The following is a speech I did for my Toastmasters meeting today, I hope you enjoy!
Good morning fellow toastmasters and guests! It’s a privilege to be speaking to you today!
(Said with a monotone)
Good morning fellow toastmasters and guests. It’s a privilege to be speaking to you today.
Good morning fellow toastmasters…and guests. It’s a “privilege”… to be speaking to you today.
Which one of those intros would make you want to listen to my speech: Happy, Monotone, or Sad?
Happy right? Easy choice. But why? I said the exact same thing in each intro, why would one stand out as being more appealing to listen to?
In our daily lives, we are texting and emailing so much that we sometimes forget just how important tone is to our conversations.
J.C. Wells, a British phonetician (the study of the sounds of human speech) postulated that there were six main functions of tone:
1) Attitudinal Function – for expressing emotions and attitudes (which I demonstrated with the intros)
2) Grammatical Function – the difference between a statement and a question.
3) Focusing – Putting emphasis on a certain word or point.
4) Discourse Function – Pausing a sentence (with a clause) to make a point.
5) Psychological Function – Rhythms and rhymes to make remembering easier
6) Indexical Function – Like, omg, it can show how society would distinguish your identity.
From this list, I think it is easy to see that tone is extremely important to communications.
The way I look at it: words convey the message; tone conveys the emotion that makes that message worth listening to. In that sense, the tone of a conversation is much more important than the words being said.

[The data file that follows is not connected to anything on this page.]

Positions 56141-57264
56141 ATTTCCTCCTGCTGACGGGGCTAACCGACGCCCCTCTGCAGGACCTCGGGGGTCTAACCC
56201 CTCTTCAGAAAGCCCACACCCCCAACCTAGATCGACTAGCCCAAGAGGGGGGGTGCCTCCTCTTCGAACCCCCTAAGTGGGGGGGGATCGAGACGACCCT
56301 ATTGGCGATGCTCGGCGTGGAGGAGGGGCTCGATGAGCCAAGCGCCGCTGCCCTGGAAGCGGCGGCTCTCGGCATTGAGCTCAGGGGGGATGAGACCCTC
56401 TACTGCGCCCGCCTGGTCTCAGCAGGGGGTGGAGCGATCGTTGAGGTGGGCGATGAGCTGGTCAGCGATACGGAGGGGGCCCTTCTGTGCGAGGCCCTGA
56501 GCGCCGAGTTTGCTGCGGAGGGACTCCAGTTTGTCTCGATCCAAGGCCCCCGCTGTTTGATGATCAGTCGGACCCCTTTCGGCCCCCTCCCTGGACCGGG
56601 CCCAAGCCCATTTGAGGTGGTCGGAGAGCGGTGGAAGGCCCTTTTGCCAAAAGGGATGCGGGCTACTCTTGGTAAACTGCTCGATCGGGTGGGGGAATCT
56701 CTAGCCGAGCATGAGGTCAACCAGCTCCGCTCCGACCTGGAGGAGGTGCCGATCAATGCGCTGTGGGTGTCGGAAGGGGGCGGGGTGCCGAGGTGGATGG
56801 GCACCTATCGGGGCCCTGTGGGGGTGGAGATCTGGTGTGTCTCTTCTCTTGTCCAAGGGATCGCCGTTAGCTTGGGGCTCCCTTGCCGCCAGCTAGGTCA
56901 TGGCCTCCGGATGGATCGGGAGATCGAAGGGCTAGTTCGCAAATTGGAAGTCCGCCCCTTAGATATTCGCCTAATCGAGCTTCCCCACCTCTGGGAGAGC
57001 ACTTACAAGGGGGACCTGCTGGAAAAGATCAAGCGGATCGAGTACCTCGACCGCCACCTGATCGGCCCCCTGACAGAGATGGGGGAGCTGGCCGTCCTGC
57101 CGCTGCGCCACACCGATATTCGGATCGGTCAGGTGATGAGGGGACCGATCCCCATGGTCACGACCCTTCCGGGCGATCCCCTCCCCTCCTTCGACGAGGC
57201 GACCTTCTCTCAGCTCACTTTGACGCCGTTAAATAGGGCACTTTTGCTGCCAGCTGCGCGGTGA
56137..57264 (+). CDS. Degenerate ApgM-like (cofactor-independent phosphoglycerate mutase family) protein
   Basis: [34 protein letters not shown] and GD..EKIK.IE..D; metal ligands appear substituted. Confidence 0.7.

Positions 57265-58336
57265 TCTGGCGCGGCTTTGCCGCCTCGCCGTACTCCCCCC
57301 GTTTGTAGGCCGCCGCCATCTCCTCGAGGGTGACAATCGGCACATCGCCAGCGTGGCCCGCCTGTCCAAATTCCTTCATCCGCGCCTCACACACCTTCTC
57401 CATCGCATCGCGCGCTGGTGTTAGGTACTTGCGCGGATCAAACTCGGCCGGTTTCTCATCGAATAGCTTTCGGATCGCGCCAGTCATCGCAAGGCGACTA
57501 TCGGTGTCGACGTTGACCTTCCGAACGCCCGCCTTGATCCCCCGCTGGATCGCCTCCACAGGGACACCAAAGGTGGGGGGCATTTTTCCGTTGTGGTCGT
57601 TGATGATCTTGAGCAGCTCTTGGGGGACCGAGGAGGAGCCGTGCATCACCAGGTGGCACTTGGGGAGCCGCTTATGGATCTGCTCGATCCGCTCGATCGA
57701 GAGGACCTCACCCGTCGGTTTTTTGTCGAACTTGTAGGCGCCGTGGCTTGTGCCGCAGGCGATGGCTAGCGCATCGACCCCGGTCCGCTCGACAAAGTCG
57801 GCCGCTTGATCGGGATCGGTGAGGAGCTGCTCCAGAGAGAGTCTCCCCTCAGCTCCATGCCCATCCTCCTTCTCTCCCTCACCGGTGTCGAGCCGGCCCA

I’m not alone in thinking this either. To quote Maya Angelou: “Words mean more than what is set on paper. It takes the human voice to infuse them with deeper meaning.”
George Hendley of The Speakers Acadamy reiterates the point: “ Your words are important, but it’s your tone of voice that far outweighs the actual words in relaying the deeper meaning of the message.”
Now how does all this relate to music? After all, the title of this speech is “Communication Through Music” and I haven’t mentioned music once.
From Dictionary.com, the definition of music is
-the tones or sounds employed, occurring in single line (melody) or multiple lines (harmony), and sounded or to me sounded by one or more voices or instruments, or both.
Put simply: music is tone, and I just spent the last few minutes explaining how tone is important to communication.
Music speaks to us, not just in the lyrics, but in the beat of the drum, the strum of the guitar, the slide of a trombone. Each sound and instrument conveys an emotion that is not just heard in our ears, but felt in our heart.
When you give your significant other a mix tape of your favorite lyrics, you aren’t just giving them the “I love you” lyrics, you are giving them the hope and happiness conveyed in the music.
When you break up and spend the afternoon listening to break-up songs, you don’t just hear the “I miss you baby”, you hear empathy for your situation, a shoulder to cry on.
There are playlists to get you pumped before a run, playlists to get you focused to work or study, playlists to help you fall asleep.
Music can convey a depth of emotions that words alone never could.
From a paper “The Psychological Functions of Music Listening”
“Work and war songs, lullabies, and national anthems have bound together families, groups, or whole nations. Relatedly, music may provide a means to reduce social stress and temper aggression in others. The idea that music may function as a social cement has many proponents.”
The reason we love music and listen to it constantly is the connection it gives us to the people around us. A connection to the artist who spoke to your soul, a connection to the radio dj who seems to know just what you needed to hear, a connection to the strangers at the concert who are all there for the same reason you are.
We connect to the music and thus communicate our wants and our needs, our dreams and aspirations, our deepest hopes and our darkest fears. With music, we can communicate everything we never wanted to say out loud, and still feel safe and feel heard.
I shall leave you with a quote from Plato: “Music is a moral law. It gives soul to the universe, wings to the mind, flight to the imagination, and charm and gaiety to life and to everything.”
Photo Credit: Toastmasters International